“My only answer [to whether the Constitution is the law] is, ‘yes it is,'” he said. Even deviations from the law are not enough to move us from the “official position of the American government.” When presidents are elected, they swear to preserve, protect, and defend the Constitution, and you won't find many politicians willing to say the Constitution shouldn't be followed because it's outdated—instead they'll suggest an amendment. “The practice is so strongly in favor of the document, that the document is indeed the law,” he said.

Harrison outlined three ways to interpret the document. First, through determining the intent of the people who wrote the document. If you inquire into intent, “then I think inevitably you're going to be an originalist.” This may lead you into ridiculous questions, he added: “What would [the Framers] think about the Air Force?” He joked that they might view airplanes as simply manned artillery shells. “The arguments that are taken to refute originalism in this context, refute intentionalism,” he said. If you follow intentionalism but not originalism, you would be put in the awkward position of trying to understand lawmakers' intentions throughout time.

If you interpret the Constitution more abstractly you might adhere to “purposevism”—applying general principles found in the Constitution to the issues we face today. “We can apply the broader principles—the purpose,” he said. Within purposevism there is a debate about originalism, a concept used in recent decades “as an ancillary principle” in order to rein in courts that were increasingly viewed by the right as “getting out of control” by making laws rather than judging them. Originalists turned to history for concrete answers about the Constitution, and “concreteness is sought for reasons of judicial restraint,” he said. “Originalism isn't a primary interpretive principle—it's a derivative interpretive principle.”

“Unoriginalists” read the Constitution as if it has just been adopted, unlike legal formalists, who interpret the Constitution according to what the words meant at the time. But even if you read the Constitution on the assumption that it was just ratified, "you can't mistake that that document creates a government with quite limited powers,” he said. “The list is in fact quite short.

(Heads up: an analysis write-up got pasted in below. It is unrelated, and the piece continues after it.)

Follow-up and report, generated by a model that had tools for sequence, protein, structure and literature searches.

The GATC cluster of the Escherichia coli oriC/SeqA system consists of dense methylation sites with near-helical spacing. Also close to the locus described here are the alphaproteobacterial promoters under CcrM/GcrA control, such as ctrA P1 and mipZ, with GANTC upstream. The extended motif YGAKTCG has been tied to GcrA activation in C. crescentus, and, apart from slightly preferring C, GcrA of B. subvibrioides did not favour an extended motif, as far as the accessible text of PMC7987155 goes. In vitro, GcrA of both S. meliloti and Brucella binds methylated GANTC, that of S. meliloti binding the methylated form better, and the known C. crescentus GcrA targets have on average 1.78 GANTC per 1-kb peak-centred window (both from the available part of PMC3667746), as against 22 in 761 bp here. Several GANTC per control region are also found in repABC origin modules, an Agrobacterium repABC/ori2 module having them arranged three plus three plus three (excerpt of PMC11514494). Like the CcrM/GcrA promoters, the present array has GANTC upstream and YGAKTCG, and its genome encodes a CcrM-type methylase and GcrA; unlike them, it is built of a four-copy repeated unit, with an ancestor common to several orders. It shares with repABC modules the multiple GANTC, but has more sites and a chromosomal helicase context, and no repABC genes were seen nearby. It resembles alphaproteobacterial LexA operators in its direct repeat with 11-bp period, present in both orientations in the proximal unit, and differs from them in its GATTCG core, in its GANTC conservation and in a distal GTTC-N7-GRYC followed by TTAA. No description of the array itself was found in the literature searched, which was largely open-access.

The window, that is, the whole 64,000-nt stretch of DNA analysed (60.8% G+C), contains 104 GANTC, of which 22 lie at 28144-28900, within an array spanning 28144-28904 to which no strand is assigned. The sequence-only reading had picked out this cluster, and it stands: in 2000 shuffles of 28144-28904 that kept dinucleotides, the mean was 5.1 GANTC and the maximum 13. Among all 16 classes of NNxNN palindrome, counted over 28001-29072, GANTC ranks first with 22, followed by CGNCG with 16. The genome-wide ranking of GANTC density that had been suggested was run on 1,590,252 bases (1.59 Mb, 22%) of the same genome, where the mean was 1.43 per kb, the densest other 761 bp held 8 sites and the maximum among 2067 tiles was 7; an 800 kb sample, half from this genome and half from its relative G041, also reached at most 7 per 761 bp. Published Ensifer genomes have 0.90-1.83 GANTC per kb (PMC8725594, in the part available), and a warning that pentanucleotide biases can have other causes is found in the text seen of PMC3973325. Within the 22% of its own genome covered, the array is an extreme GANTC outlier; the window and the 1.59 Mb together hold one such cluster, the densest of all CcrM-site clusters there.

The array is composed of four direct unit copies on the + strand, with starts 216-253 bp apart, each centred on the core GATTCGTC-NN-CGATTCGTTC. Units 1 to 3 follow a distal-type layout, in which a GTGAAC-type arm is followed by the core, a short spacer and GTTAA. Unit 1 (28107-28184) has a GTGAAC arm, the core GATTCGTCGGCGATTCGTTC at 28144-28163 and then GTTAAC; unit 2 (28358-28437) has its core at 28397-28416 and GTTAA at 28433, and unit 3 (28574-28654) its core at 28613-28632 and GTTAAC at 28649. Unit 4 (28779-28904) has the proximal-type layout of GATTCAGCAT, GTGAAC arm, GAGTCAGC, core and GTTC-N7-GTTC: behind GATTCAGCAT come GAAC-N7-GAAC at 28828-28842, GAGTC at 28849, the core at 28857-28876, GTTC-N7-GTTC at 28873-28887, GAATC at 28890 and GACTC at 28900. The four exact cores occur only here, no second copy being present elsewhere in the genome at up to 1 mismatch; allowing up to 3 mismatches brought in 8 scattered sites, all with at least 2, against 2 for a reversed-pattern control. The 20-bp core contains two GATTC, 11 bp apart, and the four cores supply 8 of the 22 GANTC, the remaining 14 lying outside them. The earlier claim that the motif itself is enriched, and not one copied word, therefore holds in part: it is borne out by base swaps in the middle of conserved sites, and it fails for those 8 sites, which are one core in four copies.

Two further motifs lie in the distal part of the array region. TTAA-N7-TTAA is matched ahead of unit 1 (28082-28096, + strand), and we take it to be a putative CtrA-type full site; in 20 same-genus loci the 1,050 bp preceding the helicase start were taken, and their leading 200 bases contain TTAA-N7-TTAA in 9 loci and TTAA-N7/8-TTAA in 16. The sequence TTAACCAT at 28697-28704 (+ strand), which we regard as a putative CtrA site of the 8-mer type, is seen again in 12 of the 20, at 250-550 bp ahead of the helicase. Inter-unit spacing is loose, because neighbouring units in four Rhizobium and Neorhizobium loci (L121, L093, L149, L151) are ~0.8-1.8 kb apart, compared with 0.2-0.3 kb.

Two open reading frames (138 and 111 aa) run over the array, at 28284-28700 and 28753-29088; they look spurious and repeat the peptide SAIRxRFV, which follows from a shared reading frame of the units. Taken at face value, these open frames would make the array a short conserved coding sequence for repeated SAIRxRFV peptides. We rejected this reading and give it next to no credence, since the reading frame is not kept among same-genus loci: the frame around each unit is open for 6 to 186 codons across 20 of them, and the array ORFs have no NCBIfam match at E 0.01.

“A lot has changed since 1789, but what hasn't changed a whole lot is the way the English language operates,” Harrison said.

Post refuted Harrison's claim that the Constitution's text alone was the law. “It's not just the text, it has a social life and a social meaning outside the law,” he said. He questioned why the Constitution should be confined to three forms of legal interpretation; constitutions also establish government and are usually a reflection of the political will of the people. He added that it was obvious the federal government goes above and beyond the commerce clause in regulating the economy, for example. “Are you prepared to say the federal government can't do all these things?” It's inconceivable to say because the text in 1789 meant a certain thing, various practices since must be abolished, he said.

Harrison disputed Post's claim that the only way systems of common law pursue values is through consistent adjudication. “Another way to pursue rule-of-law values is through a fixed text,” he said. He also disagreed with Post's argument that ratification of a document like the Constitution was the only way to generate political consent or obligation. He admitted there were “contrary practices difficult to square with the written text,” but it's also true that a central feature of the American ethos “is the unique status of that written document.” We can see its special status whenever there are national political problems—people start debating the meaning of the Constitution. When Bill Clinton was impeached, “conversations were overwhelmingly about the document and about what the document meant,” he said. Similarly, people studied the 12th Amendment during the 2000 election crisis.

Harrison speculated that if the Supreme Court started interpreting the Constitution as the Framers intended, then politicians might try what almost happened in the 1930s—pass an amendment broadening the powers of Congress over the economy. As it is, Harrison suggested, American courts have become activist in creating laws and doctrine alongside legislators. He noted the German constitutional court is a hybrid law-and-legislative body—and the justices have 12-year term limits. “I think that is a much better structure to do that job through.”
• Reported by M. Wood